dd if=/dev/zero of=/usr/minibsd-disk.bin bs=512 count=[number of sectors on your flash card]

Let's use this disk image file as a vn device so we can bsdlabel it. Type the following:

mdconfig -a -t vnode -u 0 -f /usr/minibsd-disk.bin

Our new virtual disk has to be partitioned and the file system created. Type the following:

bsdlabel -Bw md0 auto
bsdlabel -e md0


You'll be dropped into your editor. Find the line that starts with c: and duplicate it, changing the c: to a: and the fstype to 4.2BSD. This is our root partition, which will span over the whole slice. If you want a second partition (e.g. for configuration information), reduce the size of the a: slice by the amount of space you want for your second partition, then make another line starting with e:, an offset equal to the size of a:, and a size equal to what you subtracted from a:. Save. Note that we don't have a swap partition - there's nowhere to put it. You can't put a swap partition on your flash card - it's way too slow and would soon ruin your card. So you better make sure that you've got enough memory for your applications!

Hint: After you have saved the bsdlabel partitions, you should create an ASCII file containing the table information so you can easily import that ASCII file in the future. This is essential for scripting the image building process. Type the following:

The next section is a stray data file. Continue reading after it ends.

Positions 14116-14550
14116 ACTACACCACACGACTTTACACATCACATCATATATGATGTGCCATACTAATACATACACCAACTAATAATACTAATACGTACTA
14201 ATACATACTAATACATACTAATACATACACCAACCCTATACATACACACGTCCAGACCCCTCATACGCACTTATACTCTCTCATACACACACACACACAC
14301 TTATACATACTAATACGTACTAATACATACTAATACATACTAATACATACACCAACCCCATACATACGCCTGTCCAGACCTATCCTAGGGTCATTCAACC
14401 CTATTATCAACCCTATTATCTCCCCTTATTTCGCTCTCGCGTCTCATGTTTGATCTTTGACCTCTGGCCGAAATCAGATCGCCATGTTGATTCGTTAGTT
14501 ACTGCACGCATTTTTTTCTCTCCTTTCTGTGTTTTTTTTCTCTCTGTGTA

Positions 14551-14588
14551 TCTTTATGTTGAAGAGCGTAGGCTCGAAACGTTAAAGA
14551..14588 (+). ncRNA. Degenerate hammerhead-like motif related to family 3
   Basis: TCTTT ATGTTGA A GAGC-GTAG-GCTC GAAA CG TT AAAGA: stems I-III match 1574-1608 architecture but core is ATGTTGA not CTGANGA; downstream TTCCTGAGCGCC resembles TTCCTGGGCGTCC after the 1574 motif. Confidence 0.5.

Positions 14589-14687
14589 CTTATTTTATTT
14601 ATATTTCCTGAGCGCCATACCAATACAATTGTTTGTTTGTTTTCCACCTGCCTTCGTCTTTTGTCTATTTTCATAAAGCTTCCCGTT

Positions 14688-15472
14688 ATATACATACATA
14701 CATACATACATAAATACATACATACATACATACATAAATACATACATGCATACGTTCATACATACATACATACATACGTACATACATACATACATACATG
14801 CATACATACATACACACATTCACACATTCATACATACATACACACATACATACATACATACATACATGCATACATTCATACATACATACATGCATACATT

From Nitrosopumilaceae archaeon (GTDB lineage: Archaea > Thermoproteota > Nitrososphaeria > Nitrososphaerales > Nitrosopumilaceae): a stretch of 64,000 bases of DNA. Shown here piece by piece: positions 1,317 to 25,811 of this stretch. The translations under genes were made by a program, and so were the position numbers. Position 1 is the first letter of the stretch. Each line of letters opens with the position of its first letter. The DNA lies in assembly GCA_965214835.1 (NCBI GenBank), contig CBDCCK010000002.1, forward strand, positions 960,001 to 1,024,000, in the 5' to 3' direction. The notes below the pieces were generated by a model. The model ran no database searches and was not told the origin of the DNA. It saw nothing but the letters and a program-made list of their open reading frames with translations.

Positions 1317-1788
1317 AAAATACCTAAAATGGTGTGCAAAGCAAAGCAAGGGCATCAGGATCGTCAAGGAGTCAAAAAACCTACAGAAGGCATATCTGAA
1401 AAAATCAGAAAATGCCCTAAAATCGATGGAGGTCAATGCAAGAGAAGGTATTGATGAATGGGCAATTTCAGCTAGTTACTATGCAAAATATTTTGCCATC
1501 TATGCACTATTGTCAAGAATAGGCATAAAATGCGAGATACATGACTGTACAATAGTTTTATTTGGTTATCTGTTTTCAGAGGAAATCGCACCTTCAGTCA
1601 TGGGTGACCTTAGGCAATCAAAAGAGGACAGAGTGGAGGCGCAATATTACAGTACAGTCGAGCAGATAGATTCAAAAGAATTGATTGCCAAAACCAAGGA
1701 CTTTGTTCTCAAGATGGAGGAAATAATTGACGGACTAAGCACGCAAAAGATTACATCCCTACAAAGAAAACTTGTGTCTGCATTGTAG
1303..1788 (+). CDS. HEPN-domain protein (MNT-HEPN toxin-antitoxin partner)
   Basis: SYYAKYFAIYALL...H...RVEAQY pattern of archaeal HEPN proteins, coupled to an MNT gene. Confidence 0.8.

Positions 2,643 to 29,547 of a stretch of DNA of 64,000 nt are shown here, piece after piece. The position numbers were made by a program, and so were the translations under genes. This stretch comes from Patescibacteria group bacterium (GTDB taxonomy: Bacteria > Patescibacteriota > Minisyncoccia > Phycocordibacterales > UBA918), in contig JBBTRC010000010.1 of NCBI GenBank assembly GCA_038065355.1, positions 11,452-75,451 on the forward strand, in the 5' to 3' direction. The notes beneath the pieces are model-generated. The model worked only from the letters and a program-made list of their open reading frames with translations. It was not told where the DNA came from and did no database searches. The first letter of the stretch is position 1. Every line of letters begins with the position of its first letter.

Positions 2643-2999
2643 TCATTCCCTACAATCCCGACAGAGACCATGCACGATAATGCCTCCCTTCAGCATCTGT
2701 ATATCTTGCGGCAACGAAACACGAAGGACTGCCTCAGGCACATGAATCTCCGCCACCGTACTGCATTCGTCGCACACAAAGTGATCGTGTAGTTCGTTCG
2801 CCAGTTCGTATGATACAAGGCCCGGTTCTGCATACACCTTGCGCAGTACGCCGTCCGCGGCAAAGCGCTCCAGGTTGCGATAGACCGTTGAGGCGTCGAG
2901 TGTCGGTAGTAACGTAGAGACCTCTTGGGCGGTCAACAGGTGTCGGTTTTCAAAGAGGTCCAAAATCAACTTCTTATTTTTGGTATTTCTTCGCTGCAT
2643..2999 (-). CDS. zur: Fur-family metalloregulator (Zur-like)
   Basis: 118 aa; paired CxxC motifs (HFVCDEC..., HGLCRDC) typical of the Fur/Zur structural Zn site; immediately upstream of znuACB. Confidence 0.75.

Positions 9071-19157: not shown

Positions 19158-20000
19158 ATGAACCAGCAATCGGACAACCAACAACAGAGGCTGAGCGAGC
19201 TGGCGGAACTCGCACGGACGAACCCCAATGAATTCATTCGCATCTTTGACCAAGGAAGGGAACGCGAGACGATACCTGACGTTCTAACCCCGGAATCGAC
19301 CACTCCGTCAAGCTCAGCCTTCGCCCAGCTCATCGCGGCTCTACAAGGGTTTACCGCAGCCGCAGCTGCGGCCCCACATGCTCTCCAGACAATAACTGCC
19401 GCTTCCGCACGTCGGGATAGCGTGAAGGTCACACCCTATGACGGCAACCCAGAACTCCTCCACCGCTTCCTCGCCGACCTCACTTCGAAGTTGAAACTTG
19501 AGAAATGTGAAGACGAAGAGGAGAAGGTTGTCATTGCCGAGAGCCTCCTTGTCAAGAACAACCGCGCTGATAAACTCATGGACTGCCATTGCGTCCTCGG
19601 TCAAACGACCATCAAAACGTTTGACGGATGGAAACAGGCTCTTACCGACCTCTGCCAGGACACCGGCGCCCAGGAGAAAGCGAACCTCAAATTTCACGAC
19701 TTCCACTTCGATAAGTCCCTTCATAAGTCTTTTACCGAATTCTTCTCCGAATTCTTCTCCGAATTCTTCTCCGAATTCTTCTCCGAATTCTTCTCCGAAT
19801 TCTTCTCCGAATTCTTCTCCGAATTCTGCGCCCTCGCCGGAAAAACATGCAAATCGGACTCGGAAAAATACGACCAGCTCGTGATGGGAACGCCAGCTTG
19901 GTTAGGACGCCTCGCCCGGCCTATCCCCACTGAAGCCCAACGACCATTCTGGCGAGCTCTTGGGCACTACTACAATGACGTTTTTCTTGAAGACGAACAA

bsdlabel md0 > /root/minibsd-disklabel

Now the next time you get to the step mentioned earlier where you need to run "bsdlabel -e md0", you can instead type the following:

bsdlabel -R md0 /root/minibsd-disklabel

Now let's newfs and mount our partition. It's worth mentioning that newfs will complain that /etc/fstab doesn't exist because you don't have an /etc/fstab in your FreeBSD jail. As far as I know, this warning is harmless, but never-the-less, we can suppress it by creating an empty file before running newfs. Type the following:

touch /etc/fstab
newfs -b 8192 -f 1024 -U /dev/md0a
mount /dev/md0a /mnt


(if you made a second partition earlier on, don't forget to newfs that one, too). So we got our virtual disk mounted on /mnt, and we're now ready to copy the miniBSD files onto it. Type the following:

(cd /usr/minibsd ; tar cPf - .) | (cd /mnt ; tar xf - );

That's it! Let's clean up. Type the following:

cd /
umount /mnt
mdconfig -d -u 0


(Note: if, after completing the next section, you find that you can't boot off the CF card, there might be a C/H/S mismatch problem. See this message from Jeremy Cooper for details and a solution.)

Depending on the size of your binary image, you may want to compress it if you are going to transfer the image across a network, or if you are going to store it. Just to give an example, I have a 128MB CF card which means my binary image ends up being 128MB also. But my actual miniBSD system currently weighs in at 15MB. That means there is about 113MB of 0's at the end of my binary image file. When I compress my binary image file, it goes from 128MB all the way down to 7MB! A 7MB file is a lot easier to transfer via the Internet or even a LAN. Just don't forget to uncompress it before you write it to your CF card or you'll end up with an unbootable system.

That's it. Now continue to the next section.